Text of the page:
Many performers (and not just youngsters) I hear emphasize “rejection.” I auditioned. I was rejected. How does one cope with rejection, etc? Nonsense!
You, I — we are looking for partners in performance. For those whose talents, skills, ambitions and direction correspond in some significant way.
The audition is the opportunity to gauge the quality of the fit. It is not a confirmation of your ability (or lack of it). Unless, of course, you are focused on bolstering your own esteem of yourself. But that has nothing to do with the work at hand: remove it from your consciousness post-haste.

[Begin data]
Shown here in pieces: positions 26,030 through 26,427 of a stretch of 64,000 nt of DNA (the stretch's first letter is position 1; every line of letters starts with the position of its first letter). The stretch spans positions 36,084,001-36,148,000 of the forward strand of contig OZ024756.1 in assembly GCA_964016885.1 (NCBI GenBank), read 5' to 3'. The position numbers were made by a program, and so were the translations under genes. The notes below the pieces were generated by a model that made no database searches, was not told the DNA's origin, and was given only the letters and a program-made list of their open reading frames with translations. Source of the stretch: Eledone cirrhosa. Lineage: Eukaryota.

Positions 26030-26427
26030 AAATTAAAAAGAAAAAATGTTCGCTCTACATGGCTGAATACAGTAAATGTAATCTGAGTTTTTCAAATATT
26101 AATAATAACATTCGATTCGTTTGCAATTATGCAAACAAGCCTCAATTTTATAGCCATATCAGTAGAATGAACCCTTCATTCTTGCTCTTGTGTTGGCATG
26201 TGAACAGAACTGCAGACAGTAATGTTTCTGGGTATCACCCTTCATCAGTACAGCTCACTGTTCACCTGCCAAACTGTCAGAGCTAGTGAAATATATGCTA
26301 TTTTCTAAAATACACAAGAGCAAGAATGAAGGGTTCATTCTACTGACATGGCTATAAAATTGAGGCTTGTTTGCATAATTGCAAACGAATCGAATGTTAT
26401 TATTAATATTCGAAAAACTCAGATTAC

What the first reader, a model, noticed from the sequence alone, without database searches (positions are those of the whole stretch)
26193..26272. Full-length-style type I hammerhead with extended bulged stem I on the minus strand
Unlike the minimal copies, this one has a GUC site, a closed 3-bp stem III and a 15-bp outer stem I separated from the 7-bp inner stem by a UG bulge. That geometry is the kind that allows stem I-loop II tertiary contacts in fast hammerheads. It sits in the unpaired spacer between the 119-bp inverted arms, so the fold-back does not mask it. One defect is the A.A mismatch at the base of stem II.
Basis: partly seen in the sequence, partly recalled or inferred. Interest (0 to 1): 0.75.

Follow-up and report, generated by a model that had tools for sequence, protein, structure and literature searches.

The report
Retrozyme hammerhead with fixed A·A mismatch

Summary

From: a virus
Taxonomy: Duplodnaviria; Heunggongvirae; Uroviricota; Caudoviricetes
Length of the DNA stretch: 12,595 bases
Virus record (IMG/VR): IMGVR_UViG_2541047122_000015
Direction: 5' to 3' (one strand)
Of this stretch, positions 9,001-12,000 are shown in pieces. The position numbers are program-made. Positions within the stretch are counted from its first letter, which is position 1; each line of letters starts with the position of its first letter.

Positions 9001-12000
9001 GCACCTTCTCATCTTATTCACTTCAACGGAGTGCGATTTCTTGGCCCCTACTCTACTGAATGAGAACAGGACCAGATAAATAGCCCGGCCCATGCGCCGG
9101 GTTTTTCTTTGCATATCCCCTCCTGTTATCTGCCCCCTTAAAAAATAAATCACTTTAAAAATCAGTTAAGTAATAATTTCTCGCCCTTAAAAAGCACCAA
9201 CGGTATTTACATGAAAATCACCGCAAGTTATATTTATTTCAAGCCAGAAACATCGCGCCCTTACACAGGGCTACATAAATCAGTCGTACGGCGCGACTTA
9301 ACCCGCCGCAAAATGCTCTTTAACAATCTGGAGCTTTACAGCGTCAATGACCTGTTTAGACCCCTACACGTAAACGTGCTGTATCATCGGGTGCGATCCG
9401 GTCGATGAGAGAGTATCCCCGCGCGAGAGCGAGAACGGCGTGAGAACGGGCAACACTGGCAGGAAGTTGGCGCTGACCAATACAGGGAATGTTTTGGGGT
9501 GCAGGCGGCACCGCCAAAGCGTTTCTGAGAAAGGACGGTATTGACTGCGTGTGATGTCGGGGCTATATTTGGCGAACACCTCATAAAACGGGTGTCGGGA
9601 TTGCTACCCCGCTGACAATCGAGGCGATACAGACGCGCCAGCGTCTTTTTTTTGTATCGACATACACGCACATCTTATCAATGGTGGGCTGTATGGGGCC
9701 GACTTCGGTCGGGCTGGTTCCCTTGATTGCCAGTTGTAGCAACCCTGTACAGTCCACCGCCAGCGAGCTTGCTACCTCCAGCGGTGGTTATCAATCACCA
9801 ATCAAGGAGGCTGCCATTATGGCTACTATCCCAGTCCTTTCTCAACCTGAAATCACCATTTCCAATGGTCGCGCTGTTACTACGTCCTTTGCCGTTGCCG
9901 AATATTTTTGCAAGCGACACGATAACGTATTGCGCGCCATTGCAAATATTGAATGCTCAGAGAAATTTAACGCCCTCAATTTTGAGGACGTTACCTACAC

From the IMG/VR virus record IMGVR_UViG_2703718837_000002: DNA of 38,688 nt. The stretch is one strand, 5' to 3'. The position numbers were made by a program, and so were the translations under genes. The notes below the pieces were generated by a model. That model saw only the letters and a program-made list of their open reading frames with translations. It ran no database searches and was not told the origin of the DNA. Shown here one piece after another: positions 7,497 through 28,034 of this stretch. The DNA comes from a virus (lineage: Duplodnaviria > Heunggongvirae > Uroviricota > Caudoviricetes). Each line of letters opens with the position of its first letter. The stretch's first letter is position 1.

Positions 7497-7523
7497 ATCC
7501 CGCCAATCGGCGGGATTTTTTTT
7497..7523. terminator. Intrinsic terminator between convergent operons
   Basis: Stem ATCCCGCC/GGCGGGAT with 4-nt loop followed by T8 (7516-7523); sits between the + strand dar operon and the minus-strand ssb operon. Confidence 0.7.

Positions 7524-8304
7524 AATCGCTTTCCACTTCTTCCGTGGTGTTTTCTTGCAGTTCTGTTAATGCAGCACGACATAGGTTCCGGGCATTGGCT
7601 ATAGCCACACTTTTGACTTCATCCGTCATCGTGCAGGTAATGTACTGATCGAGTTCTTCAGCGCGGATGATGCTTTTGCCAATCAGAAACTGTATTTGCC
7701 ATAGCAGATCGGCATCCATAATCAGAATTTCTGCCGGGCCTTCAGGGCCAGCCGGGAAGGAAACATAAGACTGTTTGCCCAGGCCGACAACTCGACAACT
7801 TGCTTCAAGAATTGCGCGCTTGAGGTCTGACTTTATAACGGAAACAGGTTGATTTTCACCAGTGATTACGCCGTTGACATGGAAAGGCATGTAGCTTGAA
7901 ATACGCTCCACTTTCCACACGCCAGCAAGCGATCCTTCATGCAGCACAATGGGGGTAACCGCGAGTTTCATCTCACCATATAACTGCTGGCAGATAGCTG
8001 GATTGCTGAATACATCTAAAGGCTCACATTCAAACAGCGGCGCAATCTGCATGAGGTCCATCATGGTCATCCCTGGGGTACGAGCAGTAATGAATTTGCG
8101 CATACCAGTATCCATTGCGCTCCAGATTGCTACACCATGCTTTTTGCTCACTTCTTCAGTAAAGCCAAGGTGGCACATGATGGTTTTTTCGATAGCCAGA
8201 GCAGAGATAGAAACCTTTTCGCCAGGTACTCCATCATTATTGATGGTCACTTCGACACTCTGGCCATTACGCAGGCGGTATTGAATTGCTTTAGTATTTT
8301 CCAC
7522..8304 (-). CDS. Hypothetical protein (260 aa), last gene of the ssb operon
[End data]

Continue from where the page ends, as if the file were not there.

In a production I auditioned for, casting had narrowed it to a handful of candidates, including me; I was not hired. My audition had been excellent: I know myself after all. So what were they looking for? I went to see the production. It was, in a word, vile. I saw what they did with the actor who had been hired and was grateful to have been passed over for the role. Yes is good and no is also good.
Turn your sights to the work, to demonstrating to the potential partner in performance what you can contribute. Is there a fertile field you both can till, so to speak, together, cooperatively, in accord with both your visions of the work? Finding that is your our goal.